By now, you’ve seen the adoration heaped upon President Donald Trump by members of his team and congressional leaders on Wednesday.
House Speaker Paul Ryan praised his “exquisite leadership, “and Senator Orrin Hatch declared that “one of the great privileges of my life [is] to stand here on the White House lawn with the president of the United States who I love and appreciate so much.” But nobody came close to reaching the level of obsequiousness that Vice President Mike Pence has mastered.
Upon viewing the tape, the most common response, once the gag reflex was suppressed, was to say “get a room!”
Seriously, it was so bad that Seth Meyers mocked it by comparing it to the scene from the movie Love Actually, where a would-be suitor shows up at a door with cue cards reading, “To me, you are perfect.”
This wasn’t an exaggeration. According to The Washington Post, “Pence offered 14 separate commendations for Trump in less than three minutes—math that works out to one every 12.5 seconds. And each bit of praise was addressed directly to Trump, who was seated directly across the table.” All the while, Trump sat there, chin held high like Il Duce. Dictionary.com seized the opportunity to teach us all what the word “sycophant” means. (“There’s a word for a person who would praise someone every 12 seconds.”)
To be sure, passing tax reform was a big accomplishment, and there’s nothing wrong with giving credit where it’s due, but at some point appreciation crosses the line and becomes adulation. Nobody knows quite where the line gets crossed, but like pornography, you know it when you see it.
This sort of slavish hero worship offends me on a couple of levels. First, it strikes me as patently un-American. We don’t have a king in this country—because we overthrew one. Our aversion to strongmen is so visceral that criticizing a president—any president—almost feels like one’s patriotic duty. In this regard, one wonders if feeding Trump’s authoritarian tendencies satiates these tendencies or encourages them. This deference to authority also feels a bit antiquated. Granted, the position of Potus deserves respect. But the saying goes that one salutes the rank and not the man. This feels like they are saluting the man.
Since we are headed into Christmas season, I should probably also confess that this sort of worship strikes me as a form of idolatry. Seriously, Trump demands the kinds of public praise usually reserved for the Almighty. I’m fully expecting to flip on a Cabinet meeting some day and hear: “Gracious and eternal President Trump, we are humbled to come before you today to give thanks for the tax cuts that you have so generously blessed us with. We know that we are but humble servants, President Trump, and that is a blessing to serve you…and the American people.”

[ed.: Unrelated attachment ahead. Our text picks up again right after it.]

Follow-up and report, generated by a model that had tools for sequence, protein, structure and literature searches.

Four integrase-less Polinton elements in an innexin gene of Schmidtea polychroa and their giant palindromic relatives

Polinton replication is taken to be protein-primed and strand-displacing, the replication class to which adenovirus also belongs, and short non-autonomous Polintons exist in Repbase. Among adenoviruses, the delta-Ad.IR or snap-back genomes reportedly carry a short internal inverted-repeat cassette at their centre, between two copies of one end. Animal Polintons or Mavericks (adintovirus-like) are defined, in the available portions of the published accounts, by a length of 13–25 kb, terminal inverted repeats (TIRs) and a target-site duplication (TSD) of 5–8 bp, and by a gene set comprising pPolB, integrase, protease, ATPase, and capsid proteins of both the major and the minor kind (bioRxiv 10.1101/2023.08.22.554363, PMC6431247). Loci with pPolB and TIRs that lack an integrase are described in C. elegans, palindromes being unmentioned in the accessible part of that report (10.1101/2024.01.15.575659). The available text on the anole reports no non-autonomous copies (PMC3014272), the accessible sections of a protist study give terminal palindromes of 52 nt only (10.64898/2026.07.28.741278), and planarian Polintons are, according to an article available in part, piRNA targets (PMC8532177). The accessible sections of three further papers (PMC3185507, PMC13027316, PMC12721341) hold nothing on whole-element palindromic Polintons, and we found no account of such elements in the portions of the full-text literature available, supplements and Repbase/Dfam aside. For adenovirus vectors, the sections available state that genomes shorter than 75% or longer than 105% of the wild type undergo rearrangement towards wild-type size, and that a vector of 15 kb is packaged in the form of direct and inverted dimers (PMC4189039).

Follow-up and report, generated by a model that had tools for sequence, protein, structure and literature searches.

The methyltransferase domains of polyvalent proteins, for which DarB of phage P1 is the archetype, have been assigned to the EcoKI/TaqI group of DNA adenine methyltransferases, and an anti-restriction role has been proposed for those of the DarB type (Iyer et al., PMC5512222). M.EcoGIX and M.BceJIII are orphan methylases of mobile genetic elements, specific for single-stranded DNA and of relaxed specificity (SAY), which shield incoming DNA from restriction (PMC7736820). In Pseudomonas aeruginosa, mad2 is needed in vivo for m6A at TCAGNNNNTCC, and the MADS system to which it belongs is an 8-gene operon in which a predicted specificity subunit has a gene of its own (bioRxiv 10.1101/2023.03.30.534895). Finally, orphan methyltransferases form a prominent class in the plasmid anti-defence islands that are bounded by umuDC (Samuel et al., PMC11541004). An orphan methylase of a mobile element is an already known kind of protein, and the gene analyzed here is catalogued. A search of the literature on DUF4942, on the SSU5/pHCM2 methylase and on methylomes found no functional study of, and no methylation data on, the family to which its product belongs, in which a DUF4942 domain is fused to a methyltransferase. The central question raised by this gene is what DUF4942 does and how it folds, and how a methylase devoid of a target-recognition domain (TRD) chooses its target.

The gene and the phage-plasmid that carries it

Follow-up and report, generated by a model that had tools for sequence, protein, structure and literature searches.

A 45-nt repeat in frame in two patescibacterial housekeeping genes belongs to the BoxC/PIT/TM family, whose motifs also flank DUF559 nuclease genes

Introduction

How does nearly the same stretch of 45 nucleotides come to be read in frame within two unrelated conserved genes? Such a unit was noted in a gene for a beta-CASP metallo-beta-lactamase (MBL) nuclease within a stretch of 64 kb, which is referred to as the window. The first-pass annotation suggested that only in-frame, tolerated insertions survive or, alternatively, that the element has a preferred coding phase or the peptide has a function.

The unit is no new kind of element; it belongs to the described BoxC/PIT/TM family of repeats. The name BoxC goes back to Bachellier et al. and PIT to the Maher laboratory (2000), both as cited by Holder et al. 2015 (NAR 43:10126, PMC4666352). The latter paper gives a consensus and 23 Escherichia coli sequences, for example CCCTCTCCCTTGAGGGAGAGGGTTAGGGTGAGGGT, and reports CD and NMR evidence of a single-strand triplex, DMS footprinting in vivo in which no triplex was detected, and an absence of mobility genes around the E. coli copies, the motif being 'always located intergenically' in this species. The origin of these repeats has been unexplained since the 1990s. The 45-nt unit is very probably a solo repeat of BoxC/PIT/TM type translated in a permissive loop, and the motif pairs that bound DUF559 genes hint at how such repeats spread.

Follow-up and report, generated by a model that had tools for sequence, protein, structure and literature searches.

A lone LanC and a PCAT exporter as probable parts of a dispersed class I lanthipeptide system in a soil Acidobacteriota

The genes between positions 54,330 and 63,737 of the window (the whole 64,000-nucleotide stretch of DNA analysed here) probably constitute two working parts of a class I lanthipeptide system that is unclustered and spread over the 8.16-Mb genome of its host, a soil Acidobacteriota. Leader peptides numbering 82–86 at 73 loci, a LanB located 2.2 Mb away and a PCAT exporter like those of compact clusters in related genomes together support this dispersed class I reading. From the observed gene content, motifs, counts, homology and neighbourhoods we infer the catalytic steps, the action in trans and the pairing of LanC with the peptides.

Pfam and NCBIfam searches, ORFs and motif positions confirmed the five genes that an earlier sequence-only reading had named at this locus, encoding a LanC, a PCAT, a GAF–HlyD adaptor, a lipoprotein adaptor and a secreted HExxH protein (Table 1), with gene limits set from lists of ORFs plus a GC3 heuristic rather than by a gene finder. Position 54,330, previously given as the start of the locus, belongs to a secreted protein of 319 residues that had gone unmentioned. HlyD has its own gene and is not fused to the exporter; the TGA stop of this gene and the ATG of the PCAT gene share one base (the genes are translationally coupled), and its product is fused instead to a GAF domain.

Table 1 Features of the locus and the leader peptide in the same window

Interestingly, I believe it is Pence’s evangelical faith (perhaps coupled with ambition) that gives him the peace to humbly submit himself. I recently interviewed McKay Coppins about his essay in the Atlantic titled “God’s Plan for Mike Pence.” You can never really get inside someone’s head, but Coppins’ reporting (which included interviewing people who have known Pence at different points in his life in order to put together a biographical sketch) provides some clues.
I came away with the sense that Pence views his role through the prism of servant leadership. What some of us might call “independence,” he sees as a rebellious spirit to be tamed. He humbly submits the work of his carnal hands to earthy authority in the same way that he submits his spirit to heavenly authority.
That’s the theory, at least. And frankly, it’s a kinder interpretation than one that suggests he is merely an ambitious climber. What else explains his willingness to prostrate himself before Trump? If Pence runs for president one day, this footage may prove highly problematic. That’s part of the reason why I think chalking his brown-nosing up to rank ambition misses the mark.
Of course, there is a third theory that, if true, would mean that all mainstream conservatives and standard issue Republicans owe Pence a big “thank you.” In case you haven’t noticed, while Trump’s rhetoric and tweets tend to undermine democratic norms, his actual governing legacy—from Supreme Court Justice Neil Gorsuch to tax reform—are generally the kinds of things that, say, a President Pence might have supported.
Could it be that praising Trump is but a small price to pay for keeping the president on the straight and narrow? Perhaps Pence is making the ultimate sacrifice (his dignity!) in order to keep Trump’s agenda from veering into the fever swamps of nationalism. James Carville and Paul Begala once observed that “you never stand so tall as when you stoop to kiss an ass.” If that’s the case, then Mike Pence is a giant among men.